Shamgar – turns an insult into a symbol of power.

shamgar-judges-3-31 For the fourth post in this series tracing the way the seven saviour-judges of Israel prefigure Jesus, The Saviour-Judge. We go back in time to Shamgar, the man who inspired Deborah.
[click link to start series]

So chronologically Shamgar should have come before Deborah, but he is easy to forget, given only a single verse as a judge…

After him was Shamgar the son of Anath, who struck Philistines, six hundred men with an oxgoad: and he also is saving Israel” – Judges 3:31

…until Deborah doubles his significance by drawing on Shamgar as inspiration in her victory song,

In the days of Shamgar the son of Anath, In the days of Jael, the highways were unoccupied, And the travellers walked through byways” – Judges 5:6.

Deborah won her victory in the Lands of Zebulun and Naphtali in the North and it sounds as though Shamgar’s victory of the Philistines further south had not done much to secure safety in the north even before Jabin and Sisera had arrived on the scene.

Now despite the lack of words there is a bit we can say about Shamgar.

First his name means “called/named a stranger” it contains the same parts as Moses son Gershom but in the opposite order. Next we notice he is the son of Anath, who was a Pagan goddess. So it seems that Shamgar was one of the foreigners who where regularly being absorbed into Israel during this period.

And the children of Israel dwelt among the Canaanites, the Hittites, and the Amorites, and the Perizzites, and the Hivites, and the Jebusites: and they took their daughters to be their wives, and gave their own daughters to their sons and served their gods.” – Judges 3:5-6

But he clearly identified with Israel’s people.

Oxgoad-of-ShamgarNow it is also worth noting that this pagan-convert-farmer won his victory with an ox-goad. We know from 1 Samuel that the Philistine practice was to remove blacksmiths so the Israelites couldn’t make weapons, then they made the Israelites pay to get tools sharpened…

the price of sharpening was two-thirds of a shekel for the plowshares, the sickles, the three-pronged forks or the axes, or to set the oxgoads.” – 1 Samuel 13:19-21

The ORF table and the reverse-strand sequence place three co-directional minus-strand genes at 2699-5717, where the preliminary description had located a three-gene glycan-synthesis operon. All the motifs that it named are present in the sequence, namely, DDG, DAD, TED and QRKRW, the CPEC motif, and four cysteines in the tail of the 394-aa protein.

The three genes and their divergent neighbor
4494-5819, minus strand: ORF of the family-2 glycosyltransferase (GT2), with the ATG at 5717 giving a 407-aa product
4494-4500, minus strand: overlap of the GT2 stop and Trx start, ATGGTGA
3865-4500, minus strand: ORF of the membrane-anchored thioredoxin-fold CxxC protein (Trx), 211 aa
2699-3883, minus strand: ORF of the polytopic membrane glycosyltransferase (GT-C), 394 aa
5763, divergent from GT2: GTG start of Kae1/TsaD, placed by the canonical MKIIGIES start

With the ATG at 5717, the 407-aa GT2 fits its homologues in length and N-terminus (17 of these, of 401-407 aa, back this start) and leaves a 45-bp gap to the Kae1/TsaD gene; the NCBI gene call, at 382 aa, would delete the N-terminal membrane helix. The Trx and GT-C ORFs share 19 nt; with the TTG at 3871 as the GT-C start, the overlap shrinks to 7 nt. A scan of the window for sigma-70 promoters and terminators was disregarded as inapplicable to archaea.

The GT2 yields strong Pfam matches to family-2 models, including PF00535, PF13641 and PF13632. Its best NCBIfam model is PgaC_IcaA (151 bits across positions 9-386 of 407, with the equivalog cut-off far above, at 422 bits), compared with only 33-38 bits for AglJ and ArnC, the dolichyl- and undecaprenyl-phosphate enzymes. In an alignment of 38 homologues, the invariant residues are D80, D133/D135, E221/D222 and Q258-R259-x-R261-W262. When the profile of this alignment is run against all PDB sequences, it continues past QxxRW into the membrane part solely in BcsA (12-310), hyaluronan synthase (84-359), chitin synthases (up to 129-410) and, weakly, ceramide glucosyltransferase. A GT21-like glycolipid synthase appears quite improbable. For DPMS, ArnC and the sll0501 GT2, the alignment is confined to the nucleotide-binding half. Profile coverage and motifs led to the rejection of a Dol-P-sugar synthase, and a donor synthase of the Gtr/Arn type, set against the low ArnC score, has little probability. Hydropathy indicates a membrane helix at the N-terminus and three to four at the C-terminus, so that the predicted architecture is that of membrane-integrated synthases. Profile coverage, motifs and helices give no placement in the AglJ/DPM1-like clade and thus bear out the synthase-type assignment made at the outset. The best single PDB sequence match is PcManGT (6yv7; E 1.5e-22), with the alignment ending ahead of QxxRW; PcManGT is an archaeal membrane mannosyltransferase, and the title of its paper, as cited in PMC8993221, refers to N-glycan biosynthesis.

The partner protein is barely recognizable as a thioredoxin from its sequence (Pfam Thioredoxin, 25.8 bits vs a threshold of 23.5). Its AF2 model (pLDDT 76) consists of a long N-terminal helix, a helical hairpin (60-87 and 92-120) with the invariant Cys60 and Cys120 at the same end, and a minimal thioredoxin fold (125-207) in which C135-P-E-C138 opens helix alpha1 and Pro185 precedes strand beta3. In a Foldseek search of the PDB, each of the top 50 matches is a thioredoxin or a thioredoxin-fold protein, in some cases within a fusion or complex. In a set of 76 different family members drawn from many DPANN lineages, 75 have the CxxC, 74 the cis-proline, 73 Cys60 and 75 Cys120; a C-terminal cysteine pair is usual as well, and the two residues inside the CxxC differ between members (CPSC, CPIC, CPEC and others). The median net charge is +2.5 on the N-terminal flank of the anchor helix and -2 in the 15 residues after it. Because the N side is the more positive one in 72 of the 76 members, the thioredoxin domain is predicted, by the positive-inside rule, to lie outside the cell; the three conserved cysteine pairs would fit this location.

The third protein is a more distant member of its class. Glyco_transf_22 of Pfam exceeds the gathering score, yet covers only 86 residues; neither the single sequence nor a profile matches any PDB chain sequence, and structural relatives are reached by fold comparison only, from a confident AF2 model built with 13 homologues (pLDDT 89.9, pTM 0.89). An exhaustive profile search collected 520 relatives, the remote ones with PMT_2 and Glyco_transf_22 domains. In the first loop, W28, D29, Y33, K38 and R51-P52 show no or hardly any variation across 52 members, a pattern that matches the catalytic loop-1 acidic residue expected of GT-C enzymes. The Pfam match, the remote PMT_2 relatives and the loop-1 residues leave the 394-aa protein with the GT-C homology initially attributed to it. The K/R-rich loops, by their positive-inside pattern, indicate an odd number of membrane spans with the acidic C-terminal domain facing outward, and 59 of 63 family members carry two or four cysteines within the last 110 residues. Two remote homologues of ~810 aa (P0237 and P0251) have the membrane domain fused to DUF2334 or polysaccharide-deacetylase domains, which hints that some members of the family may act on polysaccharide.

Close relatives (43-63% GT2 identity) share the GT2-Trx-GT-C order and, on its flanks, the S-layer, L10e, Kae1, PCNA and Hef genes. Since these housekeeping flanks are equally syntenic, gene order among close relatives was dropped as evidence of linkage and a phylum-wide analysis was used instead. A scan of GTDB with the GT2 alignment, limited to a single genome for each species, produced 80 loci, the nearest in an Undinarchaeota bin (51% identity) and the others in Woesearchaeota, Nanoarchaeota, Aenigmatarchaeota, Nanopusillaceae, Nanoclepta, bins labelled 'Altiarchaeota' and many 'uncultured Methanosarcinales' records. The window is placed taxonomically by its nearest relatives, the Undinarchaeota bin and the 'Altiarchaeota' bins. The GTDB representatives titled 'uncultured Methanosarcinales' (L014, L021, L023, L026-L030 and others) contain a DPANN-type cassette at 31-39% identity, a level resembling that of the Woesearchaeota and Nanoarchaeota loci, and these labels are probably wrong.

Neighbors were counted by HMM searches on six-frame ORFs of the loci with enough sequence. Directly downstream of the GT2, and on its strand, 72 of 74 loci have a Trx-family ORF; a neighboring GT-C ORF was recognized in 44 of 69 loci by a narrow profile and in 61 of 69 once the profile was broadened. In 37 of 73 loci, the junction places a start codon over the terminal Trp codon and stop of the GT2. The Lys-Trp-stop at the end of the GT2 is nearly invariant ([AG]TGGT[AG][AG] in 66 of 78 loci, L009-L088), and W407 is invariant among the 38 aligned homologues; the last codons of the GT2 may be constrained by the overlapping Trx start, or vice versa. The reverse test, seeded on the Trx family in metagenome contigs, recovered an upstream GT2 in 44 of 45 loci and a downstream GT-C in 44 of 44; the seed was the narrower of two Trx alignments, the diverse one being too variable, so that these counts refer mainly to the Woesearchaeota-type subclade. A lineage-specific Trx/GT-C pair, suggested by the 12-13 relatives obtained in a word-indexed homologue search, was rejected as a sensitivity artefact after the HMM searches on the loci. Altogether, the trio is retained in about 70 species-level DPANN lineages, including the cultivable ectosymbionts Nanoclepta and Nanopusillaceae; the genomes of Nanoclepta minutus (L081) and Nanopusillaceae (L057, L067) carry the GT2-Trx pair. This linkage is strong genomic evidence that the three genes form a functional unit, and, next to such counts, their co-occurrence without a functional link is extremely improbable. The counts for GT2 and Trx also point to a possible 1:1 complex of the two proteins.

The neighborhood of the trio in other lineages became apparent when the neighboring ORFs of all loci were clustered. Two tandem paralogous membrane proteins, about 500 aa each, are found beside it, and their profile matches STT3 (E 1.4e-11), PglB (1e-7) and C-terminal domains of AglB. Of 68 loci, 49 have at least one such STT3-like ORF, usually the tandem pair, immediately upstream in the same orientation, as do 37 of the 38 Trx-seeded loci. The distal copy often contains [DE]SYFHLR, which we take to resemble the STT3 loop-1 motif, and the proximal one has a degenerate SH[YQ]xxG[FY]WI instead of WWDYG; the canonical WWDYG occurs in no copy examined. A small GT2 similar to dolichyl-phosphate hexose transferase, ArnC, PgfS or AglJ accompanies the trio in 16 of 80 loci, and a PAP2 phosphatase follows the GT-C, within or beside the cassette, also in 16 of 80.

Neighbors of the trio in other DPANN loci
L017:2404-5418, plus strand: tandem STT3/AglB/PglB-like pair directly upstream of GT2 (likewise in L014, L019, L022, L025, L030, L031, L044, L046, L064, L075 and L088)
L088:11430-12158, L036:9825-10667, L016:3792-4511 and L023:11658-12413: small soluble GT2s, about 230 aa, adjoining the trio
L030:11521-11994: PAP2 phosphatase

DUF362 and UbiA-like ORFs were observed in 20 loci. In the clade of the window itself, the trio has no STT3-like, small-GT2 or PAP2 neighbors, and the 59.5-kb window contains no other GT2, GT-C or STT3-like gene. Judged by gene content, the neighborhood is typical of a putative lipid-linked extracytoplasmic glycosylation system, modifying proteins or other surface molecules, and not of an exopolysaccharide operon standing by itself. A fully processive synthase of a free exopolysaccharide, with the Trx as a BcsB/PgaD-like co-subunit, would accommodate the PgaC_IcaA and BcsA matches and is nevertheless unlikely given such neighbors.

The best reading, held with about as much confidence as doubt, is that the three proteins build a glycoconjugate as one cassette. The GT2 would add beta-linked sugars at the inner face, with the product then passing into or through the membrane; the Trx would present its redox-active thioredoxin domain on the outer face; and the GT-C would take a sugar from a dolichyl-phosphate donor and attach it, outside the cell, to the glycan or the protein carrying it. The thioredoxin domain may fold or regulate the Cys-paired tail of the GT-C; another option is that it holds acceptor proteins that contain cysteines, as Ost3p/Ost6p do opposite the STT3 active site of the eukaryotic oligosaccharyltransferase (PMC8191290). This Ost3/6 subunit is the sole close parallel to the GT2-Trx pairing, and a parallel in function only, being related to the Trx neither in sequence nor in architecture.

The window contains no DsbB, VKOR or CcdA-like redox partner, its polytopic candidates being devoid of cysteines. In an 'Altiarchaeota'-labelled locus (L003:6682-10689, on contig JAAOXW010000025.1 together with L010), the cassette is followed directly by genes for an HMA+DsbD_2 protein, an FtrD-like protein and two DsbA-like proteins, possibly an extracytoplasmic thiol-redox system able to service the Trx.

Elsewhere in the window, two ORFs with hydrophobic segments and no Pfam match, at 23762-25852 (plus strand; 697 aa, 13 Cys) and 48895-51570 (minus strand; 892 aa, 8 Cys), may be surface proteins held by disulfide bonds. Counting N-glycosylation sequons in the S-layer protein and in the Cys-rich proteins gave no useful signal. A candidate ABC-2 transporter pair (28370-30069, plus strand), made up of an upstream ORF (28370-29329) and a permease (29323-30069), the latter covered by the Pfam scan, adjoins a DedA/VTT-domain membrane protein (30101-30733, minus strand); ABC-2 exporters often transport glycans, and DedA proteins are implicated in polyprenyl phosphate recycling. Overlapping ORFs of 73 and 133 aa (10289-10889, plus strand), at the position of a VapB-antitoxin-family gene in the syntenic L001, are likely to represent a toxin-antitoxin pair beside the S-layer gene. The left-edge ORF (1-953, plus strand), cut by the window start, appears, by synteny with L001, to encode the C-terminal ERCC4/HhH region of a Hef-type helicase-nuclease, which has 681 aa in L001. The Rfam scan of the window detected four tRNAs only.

You might be spotting the parallels between Shamgar and Jesus by now!

Note that the “sham” of Shamgar is also part of the Hebrew word for  the Heavens, “Shamayim”/”שטים”  because it’s abstract meaning is the essence or nature of something and heaven is literally the place of all essences/types/ideas etc. So like Jesus, Shamgar is a stranger by nature (more than just “named a stranger” ) who has dwelt among us and become one of us, John 1:14.

Crucifixion was used by the Roman’s to shame and rub home their authority in the places it conquered, and in Judea the humiliation also worked as a direct insult because the law of Moses stated that anyone “hung on a tree” was accursed (Deuteronomy 21:23, Galatians 3:13). But like Shamgar, Jesus took the cross, a symbol of humiliation and insult and turned it into a symbol of power and victory.

It is amazing how much the Bible can conceal/reveal in just a couple of verses!

ladder 2And we are beginning to see how together the seven saviour-judges are become a pretty good Type of Christ.

Christen Forster

Christen Forster is widely recognised as an original Bible teacher who brings people into a love of and confidence in scripture.

Christen has planted churches, been a youth worker, mission administrator and church leaders. The author of several books, Christen is now an itinerant minister, helping churches to step into a more deliberately spiritual experience of the Christian life while at the same time firmly rooting their practice in scripture.

© 2000 - 2024 Christen Forster
Christen Forster

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3 Replies to “Shamgar – turns an insult into a symbol of power.”

  1. This is sooooooo good. I have finished reading judges and not really had any sort of revelation and feeling like there must be a reason we are told he is left-handed or the springs of water are mentioned but nothing really clicked into place. Reading this is like a veil has been taken away and I can see Jesus. God bless you and your ministry.

    1. Thanks Anne… FYI I’m doing some online teaching through Psalms at the moment… this is normally just open to partners (see: ) but I’m opening it up to those interested until the summer… obviously my hope is it draws in a few for partners… but you can access the live sessions and recordings during that period.

      Don’t worry, I will only put you on the invite list if you ask to me too!

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